At the University of California-San Diego, researchers performed functional MRI scans as volunteers took small sips of water sweetened with sugar or sucralose (Splenda). Sugar activated regions of the brain involved in food reward, while Splenda didn’t. It is possible, the authors say, that sucralose “may not fully satisfy a desire for natural caloric sweet ingestion.” So, while sugar signals a positive feeling of reward, artificial sweeteners may not be an effective way to manage a craving for sweets.

As we say in the Kitchen, That ain’t good. This means all our eating and drinking of artificially sweetened is just setting us up for the desire to have the real thing.

WAYBACK MACHINE STATEMENT

A 2011 statement from the American Heart Association and American Diabetes Association concluded that when used judiciously, non-nutritive sweeteners (including very low-calorie sweeteners, artificial sweeteners, and non-caloric sweeteners) might help with weight loss or control, and could also have beneficial metabolic effects. The statement also points out, however, that these potential benefits will not be fully realized if there is a compensatory increase in energy intake from other sources—ultimately saying that at this time there are insufficient data to make a conclusive determination about using non-nutritive sweeteners; more research is needed.

PLAIN ENGLISH TRANSLATION

Using low or no calorie sweeteners with good judgement and in moderation for a short time duration might help with weight loss or control. However, if we replace our “saved calories” with “other calories,” we might cancel out all our good efforts. Since we can’t keep people in a managed food program and monitor everyone’s calorie intake and exercise expenditure 24/7/365, “more research is needed.” If only there were an alarm bell on the chocolate pudding cups in the ice box, I wouldn’t be able to sneak them out under cover of the dark of the night.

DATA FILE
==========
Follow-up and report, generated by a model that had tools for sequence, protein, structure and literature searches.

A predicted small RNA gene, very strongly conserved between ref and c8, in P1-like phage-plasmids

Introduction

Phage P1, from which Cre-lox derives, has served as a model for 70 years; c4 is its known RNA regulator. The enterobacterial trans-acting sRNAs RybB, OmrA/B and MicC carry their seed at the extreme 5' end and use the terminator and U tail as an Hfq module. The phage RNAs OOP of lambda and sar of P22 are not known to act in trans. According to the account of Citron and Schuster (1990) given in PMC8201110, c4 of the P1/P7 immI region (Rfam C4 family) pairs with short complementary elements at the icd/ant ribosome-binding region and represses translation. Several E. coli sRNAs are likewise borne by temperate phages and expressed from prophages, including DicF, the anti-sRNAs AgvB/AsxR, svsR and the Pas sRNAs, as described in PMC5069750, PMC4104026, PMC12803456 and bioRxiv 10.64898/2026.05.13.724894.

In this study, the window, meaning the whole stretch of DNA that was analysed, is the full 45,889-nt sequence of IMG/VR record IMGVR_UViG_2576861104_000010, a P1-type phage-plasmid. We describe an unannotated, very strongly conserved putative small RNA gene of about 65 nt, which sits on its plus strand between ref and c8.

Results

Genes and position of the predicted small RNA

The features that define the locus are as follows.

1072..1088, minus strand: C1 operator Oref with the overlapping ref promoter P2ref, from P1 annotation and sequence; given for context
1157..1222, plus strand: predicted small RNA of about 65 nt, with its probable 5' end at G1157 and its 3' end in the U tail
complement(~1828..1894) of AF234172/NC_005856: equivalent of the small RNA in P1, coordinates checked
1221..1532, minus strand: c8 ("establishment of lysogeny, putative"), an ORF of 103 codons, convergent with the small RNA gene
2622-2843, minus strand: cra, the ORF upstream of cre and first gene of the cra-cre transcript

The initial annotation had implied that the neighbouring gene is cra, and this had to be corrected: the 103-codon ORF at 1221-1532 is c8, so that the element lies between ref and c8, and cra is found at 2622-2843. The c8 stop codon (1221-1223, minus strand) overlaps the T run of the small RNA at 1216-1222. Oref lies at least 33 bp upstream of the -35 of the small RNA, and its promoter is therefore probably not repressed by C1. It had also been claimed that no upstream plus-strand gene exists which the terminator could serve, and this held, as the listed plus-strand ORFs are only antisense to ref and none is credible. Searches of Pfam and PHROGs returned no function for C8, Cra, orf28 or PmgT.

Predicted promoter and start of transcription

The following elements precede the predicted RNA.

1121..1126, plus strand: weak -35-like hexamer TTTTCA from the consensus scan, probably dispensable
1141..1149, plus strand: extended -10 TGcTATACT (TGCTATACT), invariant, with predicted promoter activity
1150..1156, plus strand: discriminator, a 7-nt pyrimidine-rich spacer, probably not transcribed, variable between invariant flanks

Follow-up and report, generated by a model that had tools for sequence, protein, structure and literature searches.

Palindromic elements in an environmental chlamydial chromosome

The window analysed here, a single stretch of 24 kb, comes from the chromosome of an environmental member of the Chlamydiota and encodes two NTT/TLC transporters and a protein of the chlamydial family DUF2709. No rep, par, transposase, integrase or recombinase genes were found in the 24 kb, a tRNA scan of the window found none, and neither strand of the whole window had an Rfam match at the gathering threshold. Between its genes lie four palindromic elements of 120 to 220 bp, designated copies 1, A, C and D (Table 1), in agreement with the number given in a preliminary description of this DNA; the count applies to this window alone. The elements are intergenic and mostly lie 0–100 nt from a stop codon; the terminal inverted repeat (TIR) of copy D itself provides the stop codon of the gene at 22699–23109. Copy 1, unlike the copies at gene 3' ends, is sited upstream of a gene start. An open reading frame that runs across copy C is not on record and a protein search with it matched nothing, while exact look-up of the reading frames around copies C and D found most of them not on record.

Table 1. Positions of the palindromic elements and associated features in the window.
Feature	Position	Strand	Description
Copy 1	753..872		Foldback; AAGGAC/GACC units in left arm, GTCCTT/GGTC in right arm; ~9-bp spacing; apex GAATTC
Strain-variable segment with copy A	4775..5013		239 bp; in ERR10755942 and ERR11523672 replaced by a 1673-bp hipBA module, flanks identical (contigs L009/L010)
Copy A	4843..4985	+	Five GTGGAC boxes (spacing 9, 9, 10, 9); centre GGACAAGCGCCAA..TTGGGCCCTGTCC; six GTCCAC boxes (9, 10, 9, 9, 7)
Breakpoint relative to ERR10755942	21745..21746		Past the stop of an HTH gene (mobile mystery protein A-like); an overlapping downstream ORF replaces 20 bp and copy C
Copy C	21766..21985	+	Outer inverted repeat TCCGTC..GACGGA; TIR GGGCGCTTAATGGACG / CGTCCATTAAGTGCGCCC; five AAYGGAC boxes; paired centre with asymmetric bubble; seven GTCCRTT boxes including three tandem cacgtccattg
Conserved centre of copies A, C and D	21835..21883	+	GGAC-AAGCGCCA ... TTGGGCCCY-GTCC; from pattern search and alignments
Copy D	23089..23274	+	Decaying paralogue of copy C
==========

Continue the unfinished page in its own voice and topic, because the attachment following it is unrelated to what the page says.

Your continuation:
To date, the FDA has approved the use of six artificial sweeteners; each one is far sweeter than regular sugar. They include:


One natural low-calorie sweetener, stevia, has not yet been evaluated by the FDA.

• Stevia is a non-caloric sweetener made from the leaves of a shrub that grows in South and Central America.

• Stevia is about 300 times sweeter than sugar.

• A number of major soft drink companies have begun launching stevia-sweetened beverages, sometimes combining stevia with erythritol, a sugar alcohol.

• There are no long-term studies of the health effects of stevia.

Sugar alcohols
Erythritol and xylitol are sugar alcohols, a class of compounds that have been used for decades to sweeten chewing gum, candy, fruit spreads, toothpaste, cough syrup, and other products. Newer, cheaper ways to make sugar alcohols from corn, wood, and other plant materials, along with their sugar-like taste, are fueling their use in a growing array of foods.

THE LATEST UPDATE

Artificial sweeteners may damage blood vessels

I think everyone has at least one friend who will not eat carbohydrates or sugar in any form, as these are forbidden food choices on their meal plans.

Many modern PALEO and KETO diets all but ignore the foods studied in the science based random controlled studies (the gold standard). Some folks go whole hog any avoid anything white, just on principle. This will get you in trouble later on. Trust me. Hang in there.

THE SCIENCE PALEO DIET: The principal components of this diet are wild-animal source and uncultivated-plant source foods, such as lean meat, fish, vegetables, fruits, roots, eggs, and nuts. The diet excludes grains, legumes, dairy products, salt, refined sugar, and processed oils, all of which were unavailable before humans began cultivating plants and domesticating animals. Remember “White isn’t right?” And I said that would get you in trouble?